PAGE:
To boost wages, alter the balance of power in offices

Publishing income tax records could help predistribute wealth.

Publicly posting tax returns is an idea that's mostly been explored in the context of tax avoidance. The idea is that if the amount of tax the rich and famous pay were made public, "the might be motivated to fill out their taxes correctly", as the New York Times' Anna Bernasek put it in 2010. It ought to be supported by small-statists, too, since the disclosure of the myriad loopholes used by the wealthy to avoid tax would lead to support for a simplified tax system.

But public disclosure of income tax filings also has a role to play in political sphere: that of redistribution – or, to use the Labourite buzzword of the year, predistribution – of wealth.

A TUC pamphlet, published today, looks at how to boost the wage share [pdf]. That's the proportion of GDP which is paid to employees, as opposed to ending up in the pockets of shareholders (or, to a lesser extent, small business owners – official statistics record them as a separate category from shareholders or employees, because they share characteristics with both), and it appears to have seen a permanent drop since the 1970s:

Howard Reed and Stewart Lansley, the authors of the pamphlet, examine a few different ways to counteract that trend, from raising the national minimum wage or boosting take-up of the living wage to extending the role collective bargaining. They argue that could be done through a re-establishment of the Wages Councils, which were empowered to set minimum wages in various industries until John Major's government abolished them in 1994.

But one of the strongest ways to boost the wage share of income is to make it easier for individual employees to negotiate their wages up; and that can be helped greatly by making income tax returns – and thus, incomes – public.

When it comes to negotiating wages, employees are usually at a disadvantage. That's largely because, for all but the smallest companies, being one person short on headcount is much easier for a business to live with than having no job is for a person.

But there's also an information asymmetry. You both know publicly available salaries (for jobs similar to yours which are being advertised), but your employer also has access to a second pool of information: they know what they're paying your co-workers. That's information they can cite when it's in their interest and hide when it's not. Over time, that adds up, to lead to wages lower than they ought to be.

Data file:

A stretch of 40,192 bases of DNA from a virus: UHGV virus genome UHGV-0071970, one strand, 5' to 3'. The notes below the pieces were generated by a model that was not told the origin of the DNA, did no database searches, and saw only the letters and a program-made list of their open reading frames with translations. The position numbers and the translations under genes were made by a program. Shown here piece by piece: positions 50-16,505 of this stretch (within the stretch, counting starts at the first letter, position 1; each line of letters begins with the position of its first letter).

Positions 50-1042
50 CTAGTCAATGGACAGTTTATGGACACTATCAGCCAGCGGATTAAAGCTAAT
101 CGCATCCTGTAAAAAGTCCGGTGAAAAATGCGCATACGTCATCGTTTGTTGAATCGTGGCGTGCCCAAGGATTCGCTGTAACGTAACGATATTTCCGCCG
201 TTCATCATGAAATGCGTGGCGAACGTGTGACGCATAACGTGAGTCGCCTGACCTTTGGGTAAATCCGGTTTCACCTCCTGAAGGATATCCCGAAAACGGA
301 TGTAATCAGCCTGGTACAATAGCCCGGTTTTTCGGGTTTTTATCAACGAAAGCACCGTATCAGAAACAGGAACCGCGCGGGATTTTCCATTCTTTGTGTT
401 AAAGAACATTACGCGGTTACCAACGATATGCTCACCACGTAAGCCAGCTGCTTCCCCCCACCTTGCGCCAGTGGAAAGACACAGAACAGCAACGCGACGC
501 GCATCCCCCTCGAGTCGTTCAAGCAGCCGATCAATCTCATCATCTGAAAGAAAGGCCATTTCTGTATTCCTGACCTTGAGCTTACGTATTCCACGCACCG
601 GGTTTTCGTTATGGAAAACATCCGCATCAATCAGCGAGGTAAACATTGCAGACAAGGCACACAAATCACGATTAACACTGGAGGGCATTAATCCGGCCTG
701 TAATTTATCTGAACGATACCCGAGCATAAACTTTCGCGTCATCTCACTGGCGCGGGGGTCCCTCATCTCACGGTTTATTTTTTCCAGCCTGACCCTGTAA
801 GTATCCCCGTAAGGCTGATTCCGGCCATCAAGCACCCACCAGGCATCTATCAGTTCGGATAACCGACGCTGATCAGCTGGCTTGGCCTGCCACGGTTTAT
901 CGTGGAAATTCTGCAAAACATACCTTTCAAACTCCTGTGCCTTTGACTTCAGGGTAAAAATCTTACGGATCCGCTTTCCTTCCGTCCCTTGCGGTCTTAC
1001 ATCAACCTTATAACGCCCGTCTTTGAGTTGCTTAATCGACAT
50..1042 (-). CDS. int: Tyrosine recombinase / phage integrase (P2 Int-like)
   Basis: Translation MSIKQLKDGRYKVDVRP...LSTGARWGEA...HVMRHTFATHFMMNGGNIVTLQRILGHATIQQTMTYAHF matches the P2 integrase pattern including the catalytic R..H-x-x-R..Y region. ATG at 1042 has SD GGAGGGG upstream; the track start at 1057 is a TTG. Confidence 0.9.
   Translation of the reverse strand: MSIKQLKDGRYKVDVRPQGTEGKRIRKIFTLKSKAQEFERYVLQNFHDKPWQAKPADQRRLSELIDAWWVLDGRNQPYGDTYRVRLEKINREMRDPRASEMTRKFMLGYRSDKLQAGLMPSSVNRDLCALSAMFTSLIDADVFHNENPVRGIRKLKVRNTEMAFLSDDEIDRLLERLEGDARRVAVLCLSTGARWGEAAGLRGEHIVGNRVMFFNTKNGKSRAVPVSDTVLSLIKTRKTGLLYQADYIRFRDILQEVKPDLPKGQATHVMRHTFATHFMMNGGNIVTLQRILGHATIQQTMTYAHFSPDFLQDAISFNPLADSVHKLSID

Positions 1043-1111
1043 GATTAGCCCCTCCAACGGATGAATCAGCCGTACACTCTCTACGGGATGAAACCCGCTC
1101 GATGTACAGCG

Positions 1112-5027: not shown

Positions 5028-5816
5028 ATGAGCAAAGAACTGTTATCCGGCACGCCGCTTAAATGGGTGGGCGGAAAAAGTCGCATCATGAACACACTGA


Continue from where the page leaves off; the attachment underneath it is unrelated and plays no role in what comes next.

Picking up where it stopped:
One of the purposes of unions is to overcome this information asymmetry; so in my profession, for example, the NUJ maintains a list of reported rates for freelancers, to help people fight for fair pay. But that's only useful to a certain extent; being able to cite the pay of the person who sits next to you when arguing for a raise is far more useful than being able to cite an average for the industry.

The balance of power within corporations is one of the hardest aspects of our lives for the state to affect, but one where it could do the most good. Publishing income tax records, as is already done in Finland and Norway, could well be a first step on that road.

Photograph: Getty Images

Alex Hern is a technology reporter for the Guardian. He was formerly staff writer at the New Statesman. You should follow Alex on Twitter.

Getty
Show Hide image

Theresa May's offer to EU citizens leaves the 3 million with unanswered questions

So many EU citizens, so little time.

Ahead of the Brexit negotiations with the 27 remaining EU countries, the UK government has just published its pledges to EU citizens living in the UK, listing the rights it will guarantee them after Brexit and how it will guarantee them. The headline: all 3 million of the country’s EU citizens will have to apply to a special “settled status” ID card to remain in the UK after it exist the European Union.

After having spent a year in limbo, and in various occasions having been treated by the same UK government as bargaining chips, this offer will leave many EU citizens living in the UK (this journalist included) with more questions than answers.

Indisputably, this is a step forward. But in June 2017 – more than a year since the EU referendum – it is all too little, too late.